People consider the Victorians to be big house plant lovers, and they were, but we see a lot of images of vast greenhouses full of plants. This was very much a rich person’s hobby. Plebs like us probs just had one Aspidistra because other plants, er, died in winter.

Monstera are only hardy inside because we have warm houses. A Victorian greenhouse would NOT have been a good place for it, meaning only the super rich who could afford a heated greenhouse would have been able to keep one.

The decline of Monstera

According to the Financial Times, the inevitable decline of the Monstera was caused by the rise of everyone being too busy to have time for plants. #relatable.

The 80s and 90s were a time of massive change in terms of consumerism and work-life balance. Everyone was working longer hours, and didn’t have time to water their plants. They became the hallmark of old people.

Weekends were spent working, raving, or watching TV. We spent more time in restaurants and bars. We were just…busier. We had three kids, 2 cars, a dog, and a full-time job.

And because only old people had time for plants, they became an old people thing. The only plants kids would see would be at their grandparents (a boring place) and garden centres (hell on earth for a 7-year-old.

I know, I was there.

If seven year old me knew that 35 year old me VOLUNTARILY spent nearly every weekend at various garden centres, she would be horrified.

The rise of Monstera (again)

Monstera seemed to skip a generation. My parents consider them old-fashioned, but my grandma had one.

And then millennials happened. Monstera became massive again.

I actually did a poll in a Facebook group, asking people with 10+ houseplants who DIDN’T have a Monstera. The results were quite interesting, for a given value of the word ‘interesting’.


I made a spreadsheet and everything:

no. of plantsHas a MonsteraNo Monstera

Look! I collected and collated my own data! Original research! Like a scientist!


As you can see, there’s a fairly even split. Monstera are still pretty popular, and whilst there are plenty of people that don’t have them, the overwhelming reason people gave for not having a Monstera was that they don’t have the space.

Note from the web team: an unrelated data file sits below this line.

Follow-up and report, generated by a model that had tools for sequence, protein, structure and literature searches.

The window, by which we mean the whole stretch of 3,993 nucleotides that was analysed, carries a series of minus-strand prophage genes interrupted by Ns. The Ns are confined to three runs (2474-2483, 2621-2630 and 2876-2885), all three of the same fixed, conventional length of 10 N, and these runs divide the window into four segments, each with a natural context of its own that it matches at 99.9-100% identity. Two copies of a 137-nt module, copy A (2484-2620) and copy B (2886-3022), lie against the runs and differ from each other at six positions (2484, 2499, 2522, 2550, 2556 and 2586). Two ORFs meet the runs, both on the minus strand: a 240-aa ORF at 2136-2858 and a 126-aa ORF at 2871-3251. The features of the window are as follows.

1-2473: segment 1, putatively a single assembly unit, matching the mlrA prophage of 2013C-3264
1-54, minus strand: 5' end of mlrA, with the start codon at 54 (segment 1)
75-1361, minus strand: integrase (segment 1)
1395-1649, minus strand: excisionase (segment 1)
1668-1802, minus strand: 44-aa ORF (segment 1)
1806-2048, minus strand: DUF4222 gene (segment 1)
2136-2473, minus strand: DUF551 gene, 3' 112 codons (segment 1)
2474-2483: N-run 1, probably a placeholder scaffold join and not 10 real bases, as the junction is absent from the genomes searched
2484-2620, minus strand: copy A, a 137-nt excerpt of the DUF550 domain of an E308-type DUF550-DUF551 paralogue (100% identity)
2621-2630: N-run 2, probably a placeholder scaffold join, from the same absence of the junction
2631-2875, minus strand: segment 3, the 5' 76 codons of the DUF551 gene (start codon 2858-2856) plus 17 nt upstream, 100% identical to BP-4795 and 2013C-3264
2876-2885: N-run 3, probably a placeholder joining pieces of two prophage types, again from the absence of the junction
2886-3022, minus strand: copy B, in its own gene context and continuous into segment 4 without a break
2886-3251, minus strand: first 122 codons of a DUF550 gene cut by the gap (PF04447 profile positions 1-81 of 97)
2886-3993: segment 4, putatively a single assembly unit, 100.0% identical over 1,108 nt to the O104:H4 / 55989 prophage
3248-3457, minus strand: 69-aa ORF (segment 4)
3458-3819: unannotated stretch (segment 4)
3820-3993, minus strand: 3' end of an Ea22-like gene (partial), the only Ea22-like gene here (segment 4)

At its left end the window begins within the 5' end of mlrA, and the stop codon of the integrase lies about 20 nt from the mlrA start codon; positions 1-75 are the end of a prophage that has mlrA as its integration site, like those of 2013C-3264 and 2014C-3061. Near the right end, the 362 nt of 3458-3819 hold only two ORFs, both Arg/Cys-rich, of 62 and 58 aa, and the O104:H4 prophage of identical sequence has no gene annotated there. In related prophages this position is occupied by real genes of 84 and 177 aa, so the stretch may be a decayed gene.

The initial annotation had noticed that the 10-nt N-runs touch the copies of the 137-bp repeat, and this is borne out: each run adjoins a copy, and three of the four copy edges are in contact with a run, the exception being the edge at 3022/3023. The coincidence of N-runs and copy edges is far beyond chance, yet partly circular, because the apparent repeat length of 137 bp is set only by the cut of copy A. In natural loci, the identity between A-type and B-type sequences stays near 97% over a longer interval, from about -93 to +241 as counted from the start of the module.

Reason for no MonsteraNo. of people who gave that reason
no space29
don’t like/ meh14
too expensive5
killed it4
prefers variegated4
pet ate it2
incorrect conditions7
scared of killing it4
on wishlist12

Interesting information I discovered in my research about Monstera popularity

  • Quite a few people love Monstera, but are waiting/saving up for a variegated one
  • One respondent had over THREE THOUSAND plants. THREE THOUSAND. 3000.
  • Another person had over 100 Monstera. How big is their damn house?!
  • Several people thought Monstera were overdone
  • A few had them because they felt they should (peer pressure in the house plant community is definitely a thing)
  • Two people said they simply didn’t spark joy. I can’t argue with that.

Here are a few of my fave responses:

This is commitment. And one heck of stunning Monstera.

BUT one person responded that actually has a house plant shop:

I mean, that’s the answer, right? Ask someone with a shop. They would know!

Final thoughts

Monstera deliciosa are still incredibly popular. Sure, there are some young upstarts like watermelon peperomia and Philodendron Pink Princess that are elbowing their way to the top of our wishlists but Monstera are still going strong.

It seems that it’s one of its characteristics that either makes or breaks it: size. There’s no denying that a huge Monstera gives structure and life to a room BUT if you have a tonne of plants and a small space…it’s not gonna work. Hence one person renting out a space in a nursery for one.

I personally think that when it comes to beating the competition, Monstera deliciosa’s adaptability will always give them an edge. If you want to move it to another spot in your house, it’ll most likely be fine. If you want to move a Ficus you have to ask really nicely, give it 30 days advance notice, and you’ll still probably lose a few leaves.

Thank you to everyone that responded to my Facebook question. I thought I’d get about a dozen responses and I got like 300. Nice.

Caroline Cocker

Caroline is the founder and writer (and plant keeper) of Planet Houseplant